Published May 18, 2024

Tags: anvil python pycon

I had a lovely chat at on the floor at PyCon US with Ian Davies at Anvil, and specifically their newly launch product. In short - it's a stripped down/streamlined version of Anvil that's being offered free to users to write online Python applications.

This is going to be just my lab notebook as a stumble through the product for 45 minutes before the next talks. Ian demo'd a bunch of their features to embed Python inside webpages, and as you can imagine, that's something I value! So let's see how it works in the wild

This isn't an ad, and I hope it doesn't come off as one. I'm just flush with PyCon exciting and looking to try things out. So many of us have identified both web and Python as the most popular platforms of the future, and I'm always game to try out another one.

Getting Started

A welcome page with a 'get started' button is always welcome:

A screenshot of the homepage showing a 'get started' button

On the login page, describes itself as "An online space for writing, running and deploying Python scripts and APIs." The API's note is curious, and not sometime I think I've seen made available in other web-python-IDE's of this type.

On registering via GitHub, you're asked to choose a username. I'll be @JeffGlass, I suppose.

The first thing that pops up is a section asking "What do you Want to Build?", and offers Script, API, and GUI as options. There's also some featured examples.

A screenshot of showing the section 'What do you Want to Build' and offering three options.


Let's try making a Script. Clicking that button brings up a pop-up code editor - looks like it's CodeMirror under the hood, which PyScript also loves. The rest of the user interface is quite minimal - Run and Schedule buttons, packages and secrets tabs, a private/public togger, sharing, settings, and help.

The anvil code editor showing 'print(Hello, world!').

Let's try running the provided print("Hello, world!") code:

After taking 8-10 seconds with the run button saying "Launching", we see the output in a new pane at the bottom of the editor. A second execution took about a quarter of a second - so something special must be initializing the first time you run a project.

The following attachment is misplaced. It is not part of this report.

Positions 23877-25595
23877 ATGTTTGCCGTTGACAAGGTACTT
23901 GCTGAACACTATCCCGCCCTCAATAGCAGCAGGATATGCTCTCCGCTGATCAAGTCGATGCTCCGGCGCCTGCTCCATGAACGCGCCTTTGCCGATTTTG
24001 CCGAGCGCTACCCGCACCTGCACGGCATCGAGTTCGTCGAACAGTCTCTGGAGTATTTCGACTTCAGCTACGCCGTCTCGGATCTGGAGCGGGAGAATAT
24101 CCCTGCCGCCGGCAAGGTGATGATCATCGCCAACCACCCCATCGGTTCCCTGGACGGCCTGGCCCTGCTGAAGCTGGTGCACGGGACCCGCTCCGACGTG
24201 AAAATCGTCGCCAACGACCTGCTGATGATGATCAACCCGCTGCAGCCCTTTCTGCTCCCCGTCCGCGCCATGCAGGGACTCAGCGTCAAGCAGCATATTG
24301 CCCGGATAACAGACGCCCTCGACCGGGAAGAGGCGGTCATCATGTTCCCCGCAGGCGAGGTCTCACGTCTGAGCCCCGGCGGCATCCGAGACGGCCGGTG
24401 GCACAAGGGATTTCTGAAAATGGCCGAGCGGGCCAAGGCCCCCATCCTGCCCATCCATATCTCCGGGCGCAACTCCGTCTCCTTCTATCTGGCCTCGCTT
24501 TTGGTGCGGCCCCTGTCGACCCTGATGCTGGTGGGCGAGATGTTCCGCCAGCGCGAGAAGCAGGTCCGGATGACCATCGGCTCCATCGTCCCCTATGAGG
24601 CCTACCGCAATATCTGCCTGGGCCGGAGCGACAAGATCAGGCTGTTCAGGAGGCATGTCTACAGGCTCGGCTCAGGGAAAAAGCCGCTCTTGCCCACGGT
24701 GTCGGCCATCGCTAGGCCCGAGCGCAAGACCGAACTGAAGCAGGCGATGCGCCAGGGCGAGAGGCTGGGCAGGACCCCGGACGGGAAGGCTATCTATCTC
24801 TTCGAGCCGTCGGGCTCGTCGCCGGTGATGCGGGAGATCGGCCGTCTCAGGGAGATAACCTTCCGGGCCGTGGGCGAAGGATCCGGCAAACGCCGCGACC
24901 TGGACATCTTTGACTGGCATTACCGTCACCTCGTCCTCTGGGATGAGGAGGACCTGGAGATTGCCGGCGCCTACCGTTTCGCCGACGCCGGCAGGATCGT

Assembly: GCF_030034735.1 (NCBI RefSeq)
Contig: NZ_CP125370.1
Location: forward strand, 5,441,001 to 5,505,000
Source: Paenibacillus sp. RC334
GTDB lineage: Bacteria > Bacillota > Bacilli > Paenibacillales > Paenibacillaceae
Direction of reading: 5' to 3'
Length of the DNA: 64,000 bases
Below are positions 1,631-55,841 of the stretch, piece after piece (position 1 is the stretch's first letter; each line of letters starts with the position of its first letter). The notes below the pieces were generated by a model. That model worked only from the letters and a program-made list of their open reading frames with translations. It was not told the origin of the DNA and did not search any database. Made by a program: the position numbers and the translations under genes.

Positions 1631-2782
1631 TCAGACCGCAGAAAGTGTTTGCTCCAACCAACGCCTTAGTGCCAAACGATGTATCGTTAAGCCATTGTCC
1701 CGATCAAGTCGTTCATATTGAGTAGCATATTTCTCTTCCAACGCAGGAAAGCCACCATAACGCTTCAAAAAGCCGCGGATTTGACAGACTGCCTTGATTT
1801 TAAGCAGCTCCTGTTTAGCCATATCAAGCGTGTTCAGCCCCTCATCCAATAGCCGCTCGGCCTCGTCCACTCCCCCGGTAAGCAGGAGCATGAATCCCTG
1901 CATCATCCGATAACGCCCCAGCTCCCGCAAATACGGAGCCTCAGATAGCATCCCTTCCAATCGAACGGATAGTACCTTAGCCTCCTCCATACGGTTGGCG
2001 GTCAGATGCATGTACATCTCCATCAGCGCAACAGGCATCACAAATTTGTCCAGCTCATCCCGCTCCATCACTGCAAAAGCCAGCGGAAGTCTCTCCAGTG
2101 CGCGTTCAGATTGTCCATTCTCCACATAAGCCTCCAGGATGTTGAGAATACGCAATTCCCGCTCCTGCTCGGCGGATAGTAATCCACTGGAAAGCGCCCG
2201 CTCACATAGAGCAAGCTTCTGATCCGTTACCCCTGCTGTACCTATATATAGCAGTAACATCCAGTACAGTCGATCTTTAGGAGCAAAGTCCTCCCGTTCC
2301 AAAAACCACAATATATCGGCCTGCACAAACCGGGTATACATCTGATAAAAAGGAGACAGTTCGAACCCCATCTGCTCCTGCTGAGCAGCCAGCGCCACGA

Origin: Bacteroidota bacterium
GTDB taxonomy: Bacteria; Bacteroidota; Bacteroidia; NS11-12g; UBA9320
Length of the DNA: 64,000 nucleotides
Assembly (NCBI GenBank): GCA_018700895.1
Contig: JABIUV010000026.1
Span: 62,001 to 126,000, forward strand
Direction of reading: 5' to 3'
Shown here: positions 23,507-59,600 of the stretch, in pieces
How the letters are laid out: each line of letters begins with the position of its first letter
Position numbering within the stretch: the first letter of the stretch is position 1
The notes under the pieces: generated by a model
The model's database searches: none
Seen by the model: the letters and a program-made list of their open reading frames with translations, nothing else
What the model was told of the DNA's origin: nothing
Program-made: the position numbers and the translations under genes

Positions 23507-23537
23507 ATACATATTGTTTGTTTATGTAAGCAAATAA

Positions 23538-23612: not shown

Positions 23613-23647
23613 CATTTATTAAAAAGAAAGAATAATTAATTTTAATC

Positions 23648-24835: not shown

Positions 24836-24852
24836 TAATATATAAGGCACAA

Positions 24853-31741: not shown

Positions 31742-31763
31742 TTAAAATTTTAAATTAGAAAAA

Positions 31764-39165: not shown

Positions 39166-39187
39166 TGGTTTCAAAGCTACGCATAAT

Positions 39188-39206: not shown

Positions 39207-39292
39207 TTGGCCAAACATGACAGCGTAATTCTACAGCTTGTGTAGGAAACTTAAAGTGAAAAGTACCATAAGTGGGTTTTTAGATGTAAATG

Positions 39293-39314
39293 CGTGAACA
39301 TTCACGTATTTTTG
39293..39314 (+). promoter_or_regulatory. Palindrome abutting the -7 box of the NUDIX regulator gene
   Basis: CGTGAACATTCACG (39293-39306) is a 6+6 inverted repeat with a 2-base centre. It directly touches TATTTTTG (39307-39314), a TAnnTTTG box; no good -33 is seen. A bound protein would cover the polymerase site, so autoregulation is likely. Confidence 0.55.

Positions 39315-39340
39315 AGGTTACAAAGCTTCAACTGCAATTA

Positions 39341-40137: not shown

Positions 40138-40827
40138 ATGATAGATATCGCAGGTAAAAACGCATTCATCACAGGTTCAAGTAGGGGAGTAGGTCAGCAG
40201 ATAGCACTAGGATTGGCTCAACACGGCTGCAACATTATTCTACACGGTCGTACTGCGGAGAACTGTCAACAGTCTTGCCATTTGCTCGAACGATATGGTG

Let's try importing some packages. I know very little about Anvil and it's packaging model, so let's see what we can learn.

The packages pane has fields for package and version, or edit requirements.txt directly, which is an interesting option. I wonder if can point to dev packages on Typing in my favorite testing packages, rich, Anvil brings up a list of versions which seems up to date - so either it's really querying PyPI or its internal mirroring/compatibility is handling it well. Let's use the latest version.

It took about 45 seconds of "Building" before the installation process was complete - and in the middle of it, an interesting security warning popped up. Not sure if that's something generated on the Anvil side or from PyPI or what, but it's an interesting touch.

The code does indeed run! Looks like there's not support for terminal formmatting commands, but I that's very reasonable - something like a fully xterm.js is a bit heavy for this application. It does seem like the packages pane visually bleeds into the input pane - I've pinged the forum about that, assuming its an ok place to report bugs.

One of the things Ian showed off as we were chatting this morning is the embedding feature... so let's try that out! Here's the code above embedded in my site:

I'm hoping that will appear for most people, but in case it doesn't (or as a historical record in case it changes later), here's what I see:

Ah, so what appears is the full code snippet, with a similar nice UI and such. The action is Fork to Run, which is interesting... so there's not a way for viewers of this block to actually run this code directly on my site - they'd need to fork it to their own (free) Anvil account in order to run it. This takes me back to a lot of the conversations that were had around (PSDC) - I'm not a part of that team, but naturally I know a bunch of the players. Where PSDC offers an option for any user to run your code and then fork it if they want, in this context forking is required. Not that either is better or worse, just different models of what code sharing means.


Let's go back to the start page and try building an API

We get a very similar editor, this time pre-populated with what I assume is boilerplate Anvil server code. I also see there's a URL at the bottom:, which looks like an auto-generated prefix. Just hitting that URL in my browser at this point does give me a {"hello":"world"} response - so they API is live from the time of creation! That's pretty slick.

Let's try adding another endpoint that doubles the number we feed it. It's not obvious from the docs how we do this, but my understanding from Ian is that all of these are full Anvil apps under the hood, so let's see if the Anvil Docs answer that question. And yes! Not too complicated:

Now, hitting gives me back {"result":20} as desired. Instant API online... very very cool.


The GUI editor looks very exciting... and from Ian's demo, has more features than I can explored before the next open space at the con. So that'll have to wait till another time.

Here ends the stream of consciousness. Hope all are having a great pycon!